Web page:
As an architect, I have spent close to thirty years carefully observing the world around me. These observations provoke ideas about ways that architecture can embody, express, and enhance the world and its myriad of cultures, rhythms, and beliefs. As a teacher of architecture, I have the opportunity to take these ideas accumulated over time and try them out as projects in the classroom.
It's my responsibility as a teacher to be prepared with engaging projects that will educate, enlighten, and inspire my students as they explore the world of architecture. As a result, I have continuously added to my existing catalog of ideas and dutifully prepared each semester with a series of related projects for each class. This process of preparation can be very time-consuming and challenging. There's a lot of ground to cover from coming up with projects that work and flow together, to topical research, schedules, individual classroom lessons, etc., so I always try to prepare well ahead of each semester. Last Spring, as I was sifting through my large catalog of ideas, and my Fall curriculum was beginning to take shape, I just couldn't ignore the impact of this...
One brief moment...a single post in my social media feed...and my teaching world had come undone. This is Malak. She was seven years old when she did this interview after fleeing violence in her Iraqi home to arrive at a refugee camp. The image of this young girl standing in the dust and chaos of a camp desperately trying to hold herself together would not leave my thoughts. To this day, this short video clip has a tremendous emotional impact on me. Malak and her desperate search for safety and hope was lodged in the front of my mind and not going anywhere. At that point, there was nothing else I could do except drop all of the plans I had made and develop a semester curriculum devoted to architecture for refugees.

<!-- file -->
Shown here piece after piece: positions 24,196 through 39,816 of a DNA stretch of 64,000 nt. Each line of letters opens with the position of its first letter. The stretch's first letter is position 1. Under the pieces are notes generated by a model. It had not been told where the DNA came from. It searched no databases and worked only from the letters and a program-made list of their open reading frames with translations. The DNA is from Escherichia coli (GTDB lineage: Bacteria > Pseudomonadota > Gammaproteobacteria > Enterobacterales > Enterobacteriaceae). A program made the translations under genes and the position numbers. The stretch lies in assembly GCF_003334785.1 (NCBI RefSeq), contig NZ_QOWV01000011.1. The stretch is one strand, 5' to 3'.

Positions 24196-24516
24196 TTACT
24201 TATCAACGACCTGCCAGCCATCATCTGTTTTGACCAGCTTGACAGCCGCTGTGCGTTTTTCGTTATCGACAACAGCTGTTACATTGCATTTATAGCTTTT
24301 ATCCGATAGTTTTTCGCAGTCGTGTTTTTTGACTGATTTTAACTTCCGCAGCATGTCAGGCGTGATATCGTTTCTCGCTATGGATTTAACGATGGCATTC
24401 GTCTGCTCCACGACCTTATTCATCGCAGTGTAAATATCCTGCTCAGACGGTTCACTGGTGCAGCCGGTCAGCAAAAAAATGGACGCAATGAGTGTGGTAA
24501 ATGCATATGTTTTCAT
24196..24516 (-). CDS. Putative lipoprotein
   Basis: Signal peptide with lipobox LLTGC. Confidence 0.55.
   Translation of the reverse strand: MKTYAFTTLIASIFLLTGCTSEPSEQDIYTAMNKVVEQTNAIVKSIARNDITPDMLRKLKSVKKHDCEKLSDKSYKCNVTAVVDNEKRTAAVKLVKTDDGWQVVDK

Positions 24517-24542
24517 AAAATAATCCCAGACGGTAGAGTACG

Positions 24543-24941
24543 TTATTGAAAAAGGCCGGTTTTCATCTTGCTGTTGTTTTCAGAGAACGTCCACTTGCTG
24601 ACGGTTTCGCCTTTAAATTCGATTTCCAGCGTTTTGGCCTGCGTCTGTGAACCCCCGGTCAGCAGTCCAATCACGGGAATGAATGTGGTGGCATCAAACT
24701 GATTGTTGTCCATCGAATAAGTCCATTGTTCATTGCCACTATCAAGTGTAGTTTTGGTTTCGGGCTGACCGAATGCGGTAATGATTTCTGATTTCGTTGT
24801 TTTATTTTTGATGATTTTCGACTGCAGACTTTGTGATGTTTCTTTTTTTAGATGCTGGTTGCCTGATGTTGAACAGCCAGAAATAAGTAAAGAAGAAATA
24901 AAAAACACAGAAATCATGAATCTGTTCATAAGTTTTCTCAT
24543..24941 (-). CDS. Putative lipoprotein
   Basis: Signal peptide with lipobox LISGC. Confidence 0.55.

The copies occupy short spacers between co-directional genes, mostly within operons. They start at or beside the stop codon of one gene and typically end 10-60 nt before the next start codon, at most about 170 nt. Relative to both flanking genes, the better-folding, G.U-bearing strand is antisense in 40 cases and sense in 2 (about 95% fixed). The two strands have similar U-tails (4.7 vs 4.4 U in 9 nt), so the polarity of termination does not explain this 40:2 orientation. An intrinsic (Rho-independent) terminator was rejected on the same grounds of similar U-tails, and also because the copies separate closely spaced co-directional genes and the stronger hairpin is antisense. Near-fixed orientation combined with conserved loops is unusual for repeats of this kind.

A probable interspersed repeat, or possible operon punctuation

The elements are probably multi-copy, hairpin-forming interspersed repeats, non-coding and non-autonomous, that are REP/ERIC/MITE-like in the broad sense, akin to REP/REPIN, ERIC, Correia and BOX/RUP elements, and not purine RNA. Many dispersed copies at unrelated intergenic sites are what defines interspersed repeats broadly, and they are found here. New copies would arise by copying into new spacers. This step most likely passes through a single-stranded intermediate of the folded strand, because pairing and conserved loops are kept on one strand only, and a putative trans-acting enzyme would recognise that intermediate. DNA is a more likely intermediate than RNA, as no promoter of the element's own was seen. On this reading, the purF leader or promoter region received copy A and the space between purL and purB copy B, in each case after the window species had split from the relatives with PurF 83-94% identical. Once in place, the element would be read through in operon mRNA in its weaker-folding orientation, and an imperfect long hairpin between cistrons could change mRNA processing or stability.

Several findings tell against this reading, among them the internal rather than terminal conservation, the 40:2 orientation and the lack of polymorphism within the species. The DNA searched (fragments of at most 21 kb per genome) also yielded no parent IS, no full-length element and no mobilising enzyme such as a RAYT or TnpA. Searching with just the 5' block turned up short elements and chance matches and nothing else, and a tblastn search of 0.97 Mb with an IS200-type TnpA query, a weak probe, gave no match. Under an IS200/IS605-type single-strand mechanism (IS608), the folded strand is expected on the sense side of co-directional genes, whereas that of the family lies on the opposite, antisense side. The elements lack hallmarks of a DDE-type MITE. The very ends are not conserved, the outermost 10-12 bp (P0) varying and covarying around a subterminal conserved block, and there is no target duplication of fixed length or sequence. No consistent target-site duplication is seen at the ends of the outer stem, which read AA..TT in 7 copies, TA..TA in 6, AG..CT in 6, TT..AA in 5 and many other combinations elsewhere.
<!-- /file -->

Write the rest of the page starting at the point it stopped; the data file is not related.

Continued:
OK, so now what? What are my students supposed to get out of this? First, I knew they needed to hear Malak's story, as well as those of the other countless children and people in the midst of this crisis. I wanted my students to understand the significance and impact of events happening in the world, a macro view of life rather than the narrow but comfortable micro view that I see in the classroom every day. An organization like Preemptive Love Coalition, who is currently working in the area, gave us a wonderful window into this reality half a world away. Also important, because I'm teaching architecture here, was an understanding of architecture's ability to address issues that we see in a refugee crisis. I wanted my students to know what role architecture can play in all this chaos and destruction.
Over the previous years, some of my classes have engaged in similar projects. We have looked at New Orleans' Lower Ninth Ward and the devastating legacy of Hurricane Katrina...twice. We have also investigated the work done by Auburn University's Rural Studio and the potentiality for architecture to be helpful, inspiring, and affordable. All of those projects were useful while frantically setting up the next eighteen weeks of curriculum, but like I said earlier, they were only similar. Here was an international crisis happening halfway around the world affecting people from a distinctly different culture, living in a distinctly different geographical environment, being impacted by a completely different disaster scenario. To honor Malak and her fellow refugees, we needed a different kind of semester.